NCCoE Hosts Mobile Threats and Defenses Workshop

Vetting the Mobile Threat Catalogue with Industry

A glimpse into the mobile ecosystem.

On September 13, 2016, the National Cybersecurity Center of Excellence (NCCoE) hosted a workshop to review the recently released Mobile Threat Catalogue (MTC) with industry partners and identify missing areas of interest, new countermeasures, and potential mitigations. More than 50 mobile security industry members participated, including hardware manufacturers, operating system developers, malware detection companies, and mobile network operators. There was definitely expertise to go around!

NIST Security Engineer Joshua Franklin kicked-off the event with a presentation on the Mobile Threat Catalogue, followed by Vincent Sritapan, program manager for mobile device security at the Department of Homeland Security Science and Technology Directorate (DHS S&T) discussing the status of the Mobile Security Study mandated by the Cybersecurity Act of 2015.

In response to comments received on the NCCoE’s draft practice guide “Mobile Device Security: Cloud & Hybrid Builds” (NIST SP 1800-4) and in partnership with the Department of Homeland Security Science and Technology Directorate the Mobile Threat Catalogue was released to provide broader view of the entire mobile security ecosystem. At a high level, we began with a few goals in mind:

  • identifying threats to devices, applications, networks, and infrastructure;
  • collecting countermeasures that IT security engineers can deploy to mitigate threats;
  • informing risk assessments and threat models; and
  • enumerating attack surface for enterprise mobile systems.

The accompanying report, NISTIR 8144: Assessing Threats to Mobile Devices & Infrastructure, provides background information on mobile systems and their attack surface. It also assists readers in understanding the threats and countermeasures contained within the MTC. If you’re interested in the MTC, and frankly just mobile security in general, it might be worth your while to give it a read.

So, with such deep expertise in mobile security available to us at the workshop—how did it go? Better than a foiled SMS phishing attempt! After the initial presentations, participants self-selected themselves into the following four groups to tackle the catalogue:

  • Mobile Applications
  • Mobile Device
  • Mobile Networks
  • Mobile Ecosystem

Each group reviewed a portion of the MTC, ensuring that the threat information was sound and submitting new threat suggestions where applicable. Another important goal was to verify that the listed mitigations for each threat were appropriate. Questions arose around the viability of certain countermeasures, and what party (e.g., app developer, carrier) would be the ones implementing the defensive action, which ended up being a major feedback area from participants.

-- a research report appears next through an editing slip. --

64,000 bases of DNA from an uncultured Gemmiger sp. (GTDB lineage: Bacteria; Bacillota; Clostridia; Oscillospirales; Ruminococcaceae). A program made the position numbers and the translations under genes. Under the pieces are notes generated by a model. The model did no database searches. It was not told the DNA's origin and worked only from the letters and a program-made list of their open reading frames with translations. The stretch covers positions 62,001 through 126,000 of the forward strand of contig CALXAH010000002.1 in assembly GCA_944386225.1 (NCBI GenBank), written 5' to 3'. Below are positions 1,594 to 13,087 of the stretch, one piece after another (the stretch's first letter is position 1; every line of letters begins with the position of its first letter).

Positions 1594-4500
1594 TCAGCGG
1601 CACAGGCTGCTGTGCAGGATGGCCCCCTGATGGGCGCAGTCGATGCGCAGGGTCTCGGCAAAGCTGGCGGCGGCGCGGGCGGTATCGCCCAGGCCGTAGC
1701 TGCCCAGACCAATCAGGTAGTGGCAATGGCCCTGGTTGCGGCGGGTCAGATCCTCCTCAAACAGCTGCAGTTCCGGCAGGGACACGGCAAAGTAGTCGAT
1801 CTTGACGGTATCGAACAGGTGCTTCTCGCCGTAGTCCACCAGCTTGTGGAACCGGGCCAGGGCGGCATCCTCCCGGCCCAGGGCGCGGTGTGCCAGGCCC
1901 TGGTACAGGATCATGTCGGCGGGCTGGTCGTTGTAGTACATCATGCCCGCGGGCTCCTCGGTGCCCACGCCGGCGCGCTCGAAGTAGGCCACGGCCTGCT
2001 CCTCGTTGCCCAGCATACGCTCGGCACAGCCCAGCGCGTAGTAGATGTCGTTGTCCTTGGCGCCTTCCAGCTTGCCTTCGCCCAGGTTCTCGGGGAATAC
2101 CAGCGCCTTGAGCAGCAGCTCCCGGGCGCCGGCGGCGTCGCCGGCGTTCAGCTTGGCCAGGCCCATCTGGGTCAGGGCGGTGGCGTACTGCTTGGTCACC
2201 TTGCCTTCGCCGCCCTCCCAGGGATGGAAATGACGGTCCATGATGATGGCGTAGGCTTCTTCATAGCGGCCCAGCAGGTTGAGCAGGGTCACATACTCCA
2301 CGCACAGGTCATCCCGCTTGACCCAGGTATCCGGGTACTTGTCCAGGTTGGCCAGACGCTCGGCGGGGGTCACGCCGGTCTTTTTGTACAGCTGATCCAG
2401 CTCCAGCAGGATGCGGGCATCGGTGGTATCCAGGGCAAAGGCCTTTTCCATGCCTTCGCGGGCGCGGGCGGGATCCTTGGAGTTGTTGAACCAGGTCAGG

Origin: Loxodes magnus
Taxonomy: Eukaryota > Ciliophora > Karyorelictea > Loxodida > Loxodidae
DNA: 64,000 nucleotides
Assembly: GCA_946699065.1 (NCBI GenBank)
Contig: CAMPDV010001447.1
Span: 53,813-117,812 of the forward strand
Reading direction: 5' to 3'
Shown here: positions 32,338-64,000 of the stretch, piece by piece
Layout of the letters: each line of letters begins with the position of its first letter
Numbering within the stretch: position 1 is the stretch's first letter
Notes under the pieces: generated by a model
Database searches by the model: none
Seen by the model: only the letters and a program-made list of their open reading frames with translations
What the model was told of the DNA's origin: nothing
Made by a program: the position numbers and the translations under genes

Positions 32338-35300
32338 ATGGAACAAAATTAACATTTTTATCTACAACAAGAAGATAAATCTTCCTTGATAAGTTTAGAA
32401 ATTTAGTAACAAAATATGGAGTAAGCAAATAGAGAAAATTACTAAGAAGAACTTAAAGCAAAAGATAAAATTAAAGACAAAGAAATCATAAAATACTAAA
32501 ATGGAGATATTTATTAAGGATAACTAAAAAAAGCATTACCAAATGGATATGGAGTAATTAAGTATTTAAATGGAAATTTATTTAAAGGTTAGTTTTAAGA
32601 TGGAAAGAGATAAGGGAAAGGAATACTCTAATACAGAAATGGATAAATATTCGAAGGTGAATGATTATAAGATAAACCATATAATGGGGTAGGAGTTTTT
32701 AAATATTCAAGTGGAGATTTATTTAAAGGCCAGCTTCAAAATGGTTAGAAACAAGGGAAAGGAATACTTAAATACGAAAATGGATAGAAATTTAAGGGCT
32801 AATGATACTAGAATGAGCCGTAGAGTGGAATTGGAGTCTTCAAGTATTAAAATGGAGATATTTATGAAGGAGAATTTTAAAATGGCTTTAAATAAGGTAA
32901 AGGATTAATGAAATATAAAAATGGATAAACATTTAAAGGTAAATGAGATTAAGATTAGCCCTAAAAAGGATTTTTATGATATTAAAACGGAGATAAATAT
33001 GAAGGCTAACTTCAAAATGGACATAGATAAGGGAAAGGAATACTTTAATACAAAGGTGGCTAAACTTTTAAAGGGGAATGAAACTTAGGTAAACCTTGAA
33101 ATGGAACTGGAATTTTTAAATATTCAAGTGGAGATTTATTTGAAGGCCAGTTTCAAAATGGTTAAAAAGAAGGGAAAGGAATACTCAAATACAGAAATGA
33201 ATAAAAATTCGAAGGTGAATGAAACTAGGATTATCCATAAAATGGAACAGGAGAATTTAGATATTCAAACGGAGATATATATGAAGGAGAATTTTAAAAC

The MTC is living document, available on Github to easily view and submit feedback. For those that prefer old school edits, check out the Excel version. We have already begun receiving actionable feedback, so please stop by and make suggestions! If you have questions about the MTC when writing your feedback, feel free to contact us via This isn’t like the voicemails your parents leave you – we’ll actually get back with you. Please note that the public comment period closes on Thursday, November 10, 2016.

Once we’ve incorporated the feedback from this workshop and the public comment period into the MTC, we’ll post an updated copy of both NISTIR 8144 and the MTC to the project page. We will then work with DHS to submit it as part of the Mobile Security Study to Congress.

We eagerly look forward to feedback from our colleagues in academia, industry, and government – and any other interested parties of course!

To learn more about this collaboration and other mobile security projects at the NCCoE, visit our Mobile Device Security project page, and consider joining our Community of Interest if you have expertise in this area. Companies developing interesting mobile security technology they're looking to flex, please consider becoming a collaborator. Thanks for stopping by.